COSMOS: Light, medium and message
Locating our world in the universe means decoding information conveyed to us by the laws of physics before we can formulate anything resembling a map. Light itself is both organising principle and transportation vehicle for data about the composition and history of the cosmos.
Light travels as packets of particles called photons in waves at a constant speed: these key facts help us unlock the mass of facts organised in light’s complex structure and behaviour. From this ultimate ‘medium’, astrophysicists can extract timelines of development from the big bang, the evolution of atomic elements, galactic maps, and more.
Solar spectrum showing the absorption lines which mark the presence of individual atomic elements in the sun’s composition. NOAO/AURA 1984 (National Optical Astronomy Observatory/Association of Universities for Research in Astronomy/National Science Foundation/Tucson Arizona)
Getting the information out of something often involves breaking it down into component parts. Light is no exception: the prism in a spectroscope bends visible light to show an orderly rainbow of colours. Without the spectrum colour-coding would not exist.
In 1814, Joseph Fraunhofer detailed dark lines appearing apparently at random in the sun’s spectrum. The startling accuracy of his diagram gave birth to astrophysics: others later proved the lines to be markers — a map — showing the various atomic elements of which the sun is composed. Spectroscopy techniques now extend far beyond the limited lightwaves visible to the eye.
Southern Sky Survey showing Orion and its immediate region. UK Schmidt Telescope Unit of the Royal Observatory Edinburgh for the UK Science and Engineering Research Council and European Space Observatory, 1985 -1999 [The full ESO/SERC Southern Sky Survey in several wavelengths contains 1,956 fields] Thanks to Dr Mike Irwin, Director: Cambridge Astronomical Survey Unit, Institute of Astronomy/Cambridge.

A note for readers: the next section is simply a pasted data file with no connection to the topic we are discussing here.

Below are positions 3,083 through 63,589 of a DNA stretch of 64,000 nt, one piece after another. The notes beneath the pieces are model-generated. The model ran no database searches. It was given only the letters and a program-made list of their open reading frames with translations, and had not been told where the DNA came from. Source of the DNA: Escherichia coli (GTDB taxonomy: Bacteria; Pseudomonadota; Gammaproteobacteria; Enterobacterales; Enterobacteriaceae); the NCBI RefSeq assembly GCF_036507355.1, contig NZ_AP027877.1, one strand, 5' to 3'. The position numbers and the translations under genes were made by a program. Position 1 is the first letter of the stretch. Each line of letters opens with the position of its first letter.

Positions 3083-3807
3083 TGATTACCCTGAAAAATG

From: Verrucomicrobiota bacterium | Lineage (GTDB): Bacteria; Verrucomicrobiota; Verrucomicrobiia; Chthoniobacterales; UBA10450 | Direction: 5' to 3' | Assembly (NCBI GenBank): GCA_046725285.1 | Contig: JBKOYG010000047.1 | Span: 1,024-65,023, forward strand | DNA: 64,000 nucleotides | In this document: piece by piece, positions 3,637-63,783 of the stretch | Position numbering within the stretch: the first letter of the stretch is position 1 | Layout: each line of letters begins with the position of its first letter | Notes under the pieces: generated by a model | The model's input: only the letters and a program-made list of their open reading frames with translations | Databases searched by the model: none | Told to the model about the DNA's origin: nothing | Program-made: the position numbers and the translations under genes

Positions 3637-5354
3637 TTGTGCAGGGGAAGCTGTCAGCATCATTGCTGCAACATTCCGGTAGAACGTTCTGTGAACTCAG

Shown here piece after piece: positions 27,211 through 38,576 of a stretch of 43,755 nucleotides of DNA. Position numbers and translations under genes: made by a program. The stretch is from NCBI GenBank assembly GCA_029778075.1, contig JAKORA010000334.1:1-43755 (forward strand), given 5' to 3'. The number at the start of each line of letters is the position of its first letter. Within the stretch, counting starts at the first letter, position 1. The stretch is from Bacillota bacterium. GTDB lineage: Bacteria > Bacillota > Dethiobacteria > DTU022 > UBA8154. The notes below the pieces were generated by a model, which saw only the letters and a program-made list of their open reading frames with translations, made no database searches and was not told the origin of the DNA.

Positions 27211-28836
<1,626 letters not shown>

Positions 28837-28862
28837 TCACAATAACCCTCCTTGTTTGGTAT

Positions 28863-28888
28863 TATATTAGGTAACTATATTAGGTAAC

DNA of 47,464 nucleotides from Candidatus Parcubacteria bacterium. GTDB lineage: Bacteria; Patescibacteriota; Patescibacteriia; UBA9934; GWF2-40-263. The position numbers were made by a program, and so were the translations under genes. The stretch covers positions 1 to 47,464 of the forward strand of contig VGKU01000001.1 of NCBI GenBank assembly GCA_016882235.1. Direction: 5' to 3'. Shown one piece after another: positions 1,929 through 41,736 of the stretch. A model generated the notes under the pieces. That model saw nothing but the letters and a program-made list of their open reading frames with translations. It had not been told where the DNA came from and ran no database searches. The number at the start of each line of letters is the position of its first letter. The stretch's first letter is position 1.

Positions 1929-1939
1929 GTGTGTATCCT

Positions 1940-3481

Taking pictures of the sky through telescopes began with photography itself and originally was limited to plates of particularly ‘interesting objects.’ This evolved into the All Sky Survey: the whole visible sky is divided into a vast image-grid. Astronomers measured and analysed varying intensities of the recorded light and distances between stars.
By the 1980s scanners were systematically used to extract information from these pictures. Each plate generates hundreds of thousands of digits of raw numerical data. Long before a ‘pretty picture’ of a new astronomical discovery appears in a newspaper, an elaborate processing of data received from space missions has occurred.
The “Harvard Computers” including Annie Jump Cannon, and the Director of the Harvard College Observatory, Edward Charles Pickering, 1912 (Harvard University/Cambridge Massachusetts)
In the early 20th Century, many of the photographic plate measurements, calculations and classifications of stars and their spectra were done by an extraordinary group of women mathematicians known as the “Harvard Computers” decades before the computer as we know it was even conceived.
The patterns they saw emerging from the sea of information they were hired to handle have become fundamental to the mathematics of data mining in current astrophysics. The work of these ‘information designers’ 100 years ago contributes structurally to how we model the evolution of the cosmos today.
[Image References: Periodic Tables of the Elements; Solar Spectrum, NOAO/AURA; Orion, ESO/SERC Southern Sky Survey; Harvard Computers, Harvard University; views of You Are Here by Rose English and by Jonathan Hares, one of the exhibition’s designers